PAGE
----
For decades, NASCAR had permitted its fans to fly the Confederate flag at races. Though the league asked fans to stop doing so in 2015, it had stopped short of an outright ban. But after waves of protests against racism and police brutality in the aftermath of the killing of George Floyd, the sport took a stand.
NASCAR barred the Confederate flag at its races June 10 after Bubba Wallace, the only black driver in the sport’s top series, called for the change earlier in the week.
For part-time NASCAR truck series driver Jesse Iwuji, one of the sport’s only other black drivers, the move was a welcome change.
“I’m really happy that NASCAR has stepped up and made that decision and said, ‘Hey, we’re not going to allow this anymore,’” Iwuji said on Glenn Clark Radio June 15. “NASCAR and its events need to be a place where people feel comfortable to come and have a good time.”
Iwuji, a Naval Reserve officer and former Navy football player, first encountered the flag at California’s Auto Club Speedway before he became a driver. As he was walking from his car to the track, he noticed multiple trucks and RVs with the flag, something he found “interesting” and unusual.
Yet it did not deter Iwuji, and he credits his positive experiences with fans at races in keeping him in the sport.
“I never experienced any issues outside of [the flag],” Iwuji said. “I haven’t experienced any racism as far as fans toward me at tracks. It’s always been good. Most people are pretty supportive and pretty cool.”
Confederate symbolism has existed at races since the 1950s, when fans would fly flags and drivers would paint it on their cars. The sport had tried to distance itself from the flag the last few decades but with little success.
For Iwuji, 32, he believes a combination of factors led to the flag being flown for so long at races. Not many drivers and fans had previously raised concerns with the flag, so he said there would not have been enough pressure on NASCAR to expedite a ban. Iwuji also said he and other non-white NASCAR fans he has talked to have not experienced overt racism at tracks.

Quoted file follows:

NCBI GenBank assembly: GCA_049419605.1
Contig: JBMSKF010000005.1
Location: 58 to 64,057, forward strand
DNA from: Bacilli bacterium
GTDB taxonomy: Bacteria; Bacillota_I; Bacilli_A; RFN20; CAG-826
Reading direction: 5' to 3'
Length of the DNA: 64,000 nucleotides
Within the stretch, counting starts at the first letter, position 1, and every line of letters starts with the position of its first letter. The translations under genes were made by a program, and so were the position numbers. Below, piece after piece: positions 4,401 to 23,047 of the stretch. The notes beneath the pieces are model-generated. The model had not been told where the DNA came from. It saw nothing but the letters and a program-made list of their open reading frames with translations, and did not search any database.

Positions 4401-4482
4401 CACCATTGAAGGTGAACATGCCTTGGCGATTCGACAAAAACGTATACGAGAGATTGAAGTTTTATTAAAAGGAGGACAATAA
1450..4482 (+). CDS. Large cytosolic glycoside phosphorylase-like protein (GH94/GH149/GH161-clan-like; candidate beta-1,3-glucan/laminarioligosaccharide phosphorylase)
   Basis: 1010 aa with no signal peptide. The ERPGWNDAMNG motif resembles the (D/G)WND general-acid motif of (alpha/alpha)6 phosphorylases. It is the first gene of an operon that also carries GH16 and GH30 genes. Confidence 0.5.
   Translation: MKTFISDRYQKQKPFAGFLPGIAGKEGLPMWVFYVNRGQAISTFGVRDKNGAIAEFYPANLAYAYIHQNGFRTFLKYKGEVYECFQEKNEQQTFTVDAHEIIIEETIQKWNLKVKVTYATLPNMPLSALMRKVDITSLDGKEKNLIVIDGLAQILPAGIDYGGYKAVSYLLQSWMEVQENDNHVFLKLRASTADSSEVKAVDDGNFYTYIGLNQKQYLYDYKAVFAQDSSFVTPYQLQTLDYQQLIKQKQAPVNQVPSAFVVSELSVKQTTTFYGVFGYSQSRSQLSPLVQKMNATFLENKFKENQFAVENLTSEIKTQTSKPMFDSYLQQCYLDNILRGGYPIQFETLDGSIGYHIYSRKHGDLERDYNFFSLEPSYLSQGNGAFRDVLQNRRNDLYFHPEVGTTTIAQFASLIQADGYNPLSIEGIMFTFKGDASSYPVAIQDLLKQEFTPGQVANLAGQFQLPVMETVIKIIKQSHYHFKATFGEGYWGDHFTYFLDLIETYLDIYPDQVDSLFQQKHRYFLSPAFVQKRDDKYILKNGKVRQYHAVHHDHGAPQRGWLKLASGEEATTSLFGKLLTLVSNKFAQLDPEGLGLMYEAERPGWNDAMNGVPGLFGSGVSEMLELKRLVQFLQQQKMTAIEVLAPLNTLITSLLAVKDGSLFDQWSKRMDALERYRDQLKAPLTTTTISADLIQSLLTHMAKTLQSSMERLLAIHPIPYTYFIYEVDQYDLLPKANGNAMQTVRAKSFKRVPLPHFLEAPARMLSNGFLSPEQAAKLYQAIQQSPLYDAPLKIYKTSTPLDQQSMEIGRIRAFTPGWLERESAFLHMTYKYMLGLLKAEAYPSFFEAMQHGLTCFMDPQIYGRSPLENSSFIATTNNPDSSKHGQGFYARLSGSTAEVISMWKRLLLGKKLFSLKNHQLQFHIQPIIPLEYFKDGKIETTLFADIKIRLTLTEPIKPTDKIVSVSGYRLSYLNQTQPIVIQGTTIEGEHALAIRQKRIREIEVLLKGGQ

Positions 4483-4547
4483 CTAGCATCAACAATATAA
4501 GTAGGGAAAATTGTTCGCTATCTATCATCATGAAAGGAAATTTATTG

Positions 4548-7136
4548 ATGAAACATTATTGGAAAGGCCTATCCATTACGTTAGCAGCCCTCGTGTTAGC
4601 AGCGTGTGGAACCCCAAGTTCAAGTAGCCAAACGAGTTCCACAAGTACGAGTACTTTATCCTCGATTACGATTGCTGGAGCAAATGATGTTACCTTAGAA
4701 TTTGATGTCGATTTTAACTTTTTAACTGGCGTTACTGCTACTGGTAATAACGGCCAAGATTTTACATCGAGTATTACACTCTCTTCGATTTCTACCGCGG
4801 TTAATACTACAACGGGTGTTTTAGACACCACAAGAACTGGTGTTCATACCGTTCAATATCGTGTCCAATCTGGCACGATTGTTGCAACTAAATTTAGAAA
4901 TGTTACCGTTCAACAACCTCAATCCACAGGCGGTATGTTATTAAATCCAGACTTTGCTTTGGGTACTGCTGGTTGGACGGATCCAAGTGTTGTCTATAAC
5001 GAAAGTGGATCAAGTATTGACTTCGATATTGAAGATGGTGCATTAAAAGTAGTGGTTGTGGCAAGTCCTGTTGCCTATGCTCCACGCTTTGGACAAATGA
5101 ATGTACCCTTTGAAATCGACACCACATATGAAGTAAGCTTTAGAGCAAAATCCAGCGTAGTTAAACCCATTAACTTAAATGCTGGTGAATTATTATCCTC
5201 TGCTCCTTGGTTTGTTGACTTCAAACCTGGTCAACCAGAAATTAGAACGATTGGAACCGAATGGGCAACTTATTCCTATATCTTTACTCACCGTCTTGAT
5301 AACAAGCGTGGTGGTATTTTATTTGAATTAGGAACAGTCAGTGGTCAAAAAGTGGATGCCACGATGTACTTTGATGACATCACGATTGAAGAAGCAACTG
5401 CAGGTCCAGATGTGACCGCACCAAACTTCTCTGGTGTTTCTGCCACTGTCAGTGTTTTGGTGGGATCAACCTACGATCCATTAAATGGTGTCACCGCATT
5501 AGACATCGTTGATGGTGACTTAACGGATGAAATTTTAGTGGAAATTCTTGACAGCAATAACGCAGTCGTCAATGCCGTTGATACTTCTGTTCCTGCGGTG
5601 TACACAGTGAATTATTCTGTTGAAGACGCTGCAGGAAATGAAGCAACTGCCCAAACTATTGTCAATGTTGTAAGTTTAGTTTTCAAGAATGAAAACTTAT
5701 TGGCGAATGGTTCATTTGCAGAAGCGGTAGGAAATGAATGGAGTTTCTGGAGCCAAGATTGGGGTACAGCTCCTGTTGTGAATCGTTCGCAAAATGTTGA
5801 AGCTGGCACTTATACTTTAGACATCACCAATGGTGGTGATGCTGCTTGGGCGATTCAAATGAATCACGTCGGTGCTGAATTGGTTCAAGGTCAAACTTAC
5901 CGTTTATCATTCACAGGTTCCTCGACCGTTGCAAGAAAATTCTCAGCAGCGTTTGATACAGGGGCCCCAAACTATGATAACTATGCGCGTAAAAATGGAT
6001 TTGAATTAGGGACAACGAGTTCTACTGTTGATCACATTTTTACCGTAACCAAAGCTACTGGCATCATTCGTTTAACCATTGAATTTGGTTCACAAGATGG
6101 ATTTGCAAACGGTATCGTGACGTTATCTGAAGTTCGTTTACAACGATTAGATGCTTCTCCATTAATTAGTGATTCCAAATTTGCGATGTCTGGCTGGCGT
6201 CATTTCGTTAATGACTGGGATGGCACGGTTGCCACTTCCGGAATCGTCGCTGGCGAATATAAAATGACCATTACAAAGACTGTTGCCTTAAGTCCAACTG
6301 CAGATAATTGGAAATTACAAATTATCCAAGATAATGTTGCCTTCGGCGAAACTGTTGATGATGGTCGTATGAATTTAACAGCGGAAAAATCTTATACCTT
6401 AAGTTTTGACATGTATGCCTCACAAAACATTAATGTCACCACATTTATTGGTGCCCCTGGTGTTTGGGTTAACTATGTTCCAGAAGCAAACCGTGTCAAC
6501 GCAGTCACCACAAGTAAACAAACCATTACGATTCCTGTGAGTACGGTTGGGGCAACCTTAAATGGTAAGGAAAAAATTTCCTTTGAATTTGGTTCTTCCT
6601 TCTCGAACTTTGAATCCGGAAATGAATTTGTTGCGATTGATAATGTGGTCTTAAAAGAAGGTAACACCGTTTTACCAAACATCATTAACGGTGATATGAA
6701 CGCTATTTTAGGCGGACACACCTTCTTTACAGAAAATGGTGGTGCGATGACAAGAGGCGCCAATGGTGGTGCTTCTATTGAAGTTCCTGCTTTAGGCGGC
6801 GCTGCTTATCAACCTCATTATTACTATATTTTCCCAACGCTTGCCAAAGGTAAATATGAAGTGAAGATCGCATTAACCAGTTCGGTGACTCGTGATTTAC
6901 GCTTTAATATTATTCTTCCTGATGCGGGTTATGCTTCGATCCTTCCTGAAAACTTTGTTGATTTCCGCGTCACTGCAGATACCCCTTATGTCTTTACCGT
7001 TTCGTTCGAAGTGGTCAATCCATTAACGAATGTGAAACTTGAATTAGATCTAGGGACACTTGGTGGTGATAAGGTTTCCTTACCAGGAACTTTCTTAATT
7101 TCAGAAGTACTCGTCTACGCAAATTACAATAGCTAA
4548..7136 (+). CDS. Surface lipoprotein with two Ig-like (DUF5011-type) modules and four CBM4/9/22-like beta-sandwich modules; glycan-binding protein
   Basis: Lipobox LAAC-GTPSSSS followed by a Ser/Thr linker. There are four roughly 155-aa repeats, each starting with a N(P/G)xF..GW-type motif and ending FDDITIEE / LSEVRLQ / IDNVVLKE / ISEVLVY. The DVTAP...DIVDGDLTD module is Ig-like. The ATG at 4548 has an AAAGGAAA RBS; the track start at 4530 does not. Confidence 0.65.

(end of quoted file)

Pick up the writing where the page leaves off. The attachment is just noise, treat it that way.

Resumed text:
Further, a sizable portion of the fan base sees the flag as a symbol of Southern heritage rather than one of racism and hatred, and Iwuji said he believes that lack of understanding has contributed to its popularity.
“What we’re trying to do now with NASCAR is make sure that everyone feels comfortable, they feel good going to races and they’re not going to see something that’s going to remind them of a terrible history,” Iwuji said. “We can learn that at school but we don’t need to learn history at the track.”
Moreover, Iwuji believes the motorsports system in itself makes it difficult to attract a diverse array of drivers. Racing is extremely expensive, as drivers must be able to find sponsorships in order to make it to the highest levels. Further, it is difficult to practice for races without being part of an established team. Thus, the sport’s complicated logistics — plus limited outreach efforts to non-white communities — have caused a lack of diversity at every level of racing.
But Iwuji sees a way to fix that. Greater outreach and education efforts to non-white communities can help aspiring drivers learn how to get sponsorships, while putting the sport in front of more eyes, be it on TV or in-person, can ramp up interest.
And that interest could soon begin to rise as NASCAR continues making progress on diversity issues. The league announced June 16 that industry veteran Brandon Thompson will serve as the sport’s first vice president of diversity and inclusion. That and the ban on the Confederate flag are important first moves to opening the sport to all audiences, Iwuji said.
“I think the steps that NASCAR is taking right now will open people’s minds up more to come to a track, where they feel like, ‘OK, I can now come to a track because I don’t feel uncomfortable,’” he said.
For more from Iwuji, listen to the full interview here:
Photo Credit: Courtesy of Jesse Iwuji